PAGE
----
Fox Sports took plenty of criticism for its inaugural U.S. Open golf coverage, both from inside and outside the company, and some of Fox’s executives don’t think that’s fair. John Entz, Fox Sports’ president of production and executive producer of their U.S. Open coverage, told Sports Business Journal the critics’ expectations were unrealistic:

“For someone like [The New York Times] to come in and say, ‘Here’s all the things that went wrong. You need to get better at this,’ it’s like, ‘Oh, really? You think? You thought we were going to be perfect on our first show, which happens to be the size of the Super Bowl?’ Being realistic would go a little way for people that are out looking for blood.

“The part of the criticism that does bother us a little bit is that we felt that people were going in looking for it, and over the course of that many hours of TV, they were going to find things that they didn’t like or things that went wrong.” 

Entz said any first telecast of that size comes with growing pains:

“We had 700 people working together for the first time,” Entz said. “As any rational person could imagine, there’s going to be some bumps in the road when that happens, especially when your first true show is a show that size. You’re going to have a steep learning curve.”

Those points are somewhat valid, but they also illustrate the challenges with how the golf landscape has shaped up. It’s highly unfortunate for viewers that those growing pains came during a tournament of the size and scope of the U.S. Open, rather than during a lower-profile event, but NBC and CBS have the PGA Tour’s rights locked up through 2021, meaning that Fox is largely kept to the sidelines apart from the U.S. Open. (They do have the U.S. Senior Open, and they already showed some improvement there this past weekend, and they have the U.S. Women’s Open, but not much else.) If they’re going to improve before next year’s U.S. Open, and there are plenty of ways they could do that, that improvement’s going to have to come either off-the-air entirely or at the few lower-profile events they do have.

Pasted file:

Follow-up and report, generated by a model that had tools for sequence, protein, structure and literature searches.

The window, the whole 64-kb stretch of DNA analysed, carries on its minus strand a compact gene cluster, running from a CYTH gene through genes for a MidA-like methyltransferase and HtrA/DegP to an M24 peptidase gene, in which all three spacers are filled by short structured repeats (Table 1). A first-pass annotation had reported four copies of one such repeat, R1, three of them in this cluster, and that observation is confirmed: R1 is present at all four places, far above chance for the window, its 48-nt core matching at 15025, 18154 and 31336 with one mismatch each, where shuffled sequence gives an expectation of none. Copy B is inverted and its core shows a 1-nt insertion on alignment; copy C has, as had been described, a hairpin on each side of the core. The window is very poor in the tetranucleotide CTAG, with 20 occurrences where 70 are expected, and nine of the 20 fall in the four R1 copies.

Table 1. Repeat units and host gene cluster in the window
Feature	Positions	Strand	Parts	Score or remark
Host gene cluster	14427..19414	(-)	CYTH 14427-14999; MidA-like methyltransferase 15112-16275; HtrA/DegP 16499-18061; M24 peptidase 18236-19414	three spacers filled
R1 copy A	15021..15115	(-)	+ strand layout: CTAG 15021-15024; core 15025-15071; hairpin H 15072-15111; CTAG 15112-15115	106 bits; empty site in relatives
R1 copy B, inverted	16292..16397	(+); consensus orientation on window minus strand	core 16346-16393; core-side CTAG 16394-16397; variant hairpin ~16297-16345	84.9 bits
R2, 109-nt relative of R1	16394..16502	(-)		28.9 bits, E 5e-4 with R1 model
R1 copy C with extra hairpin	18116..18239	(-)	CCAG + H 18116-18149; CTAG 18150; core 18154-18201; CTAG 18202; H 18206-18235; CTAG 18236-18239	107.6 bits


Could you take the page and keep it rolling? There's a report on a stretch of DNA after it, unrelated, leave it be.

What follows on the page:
From a broadcasting standpoint, the initial Fox U.S. Open had its good points as well as its problems, and that was true on the ratings side too. The event did well for Fox in early ratings, primetime ratings and overall ratings, but not so much in total final-round ratings. As with the ratings, perspectives on the criticism of Fox depend on what angle you come at it from; Entz and Fox executives feel they should have been given allowances for their rookie status, while many critics likely feel they should be held to the past standards of majors telecasts. Entz is quite right that there is context to the network’s Year One struggles, but his criticisms of the critics aren’t all fair either.

There weren’t many prominent critics out there saying that Fox’s early struggles meant they’d be terrible U.S. Open broadcasters going forward. Indeed, many of the critical pieces focused on improvements they can make. Moreover, giving Fox a free pass for their growing pains isn’t particularly fair to critics, or to viewers; early struggles are understandable, but that doesn’t mean they should be ignored or deemed acceptable. Entz may not like the criticisms, and he’s well within his rights to weigh in on them, but his anti-criticism comments aren’t likely to have much of an impact. If Fox improves by next year’s U.S. Open, the reviews will be more positive. If they don’t, then Entz is likely going to have to deal with a further tide of criticism.

[Sports Business Journal]

About Andrew Bucholtz

Andrew Bucholtz has been covering sports media for Awful Announcing since 2012. He is also a staff writer for The Comeback. His previous work includes time at Yahoo! Sports Canada and Black Press.

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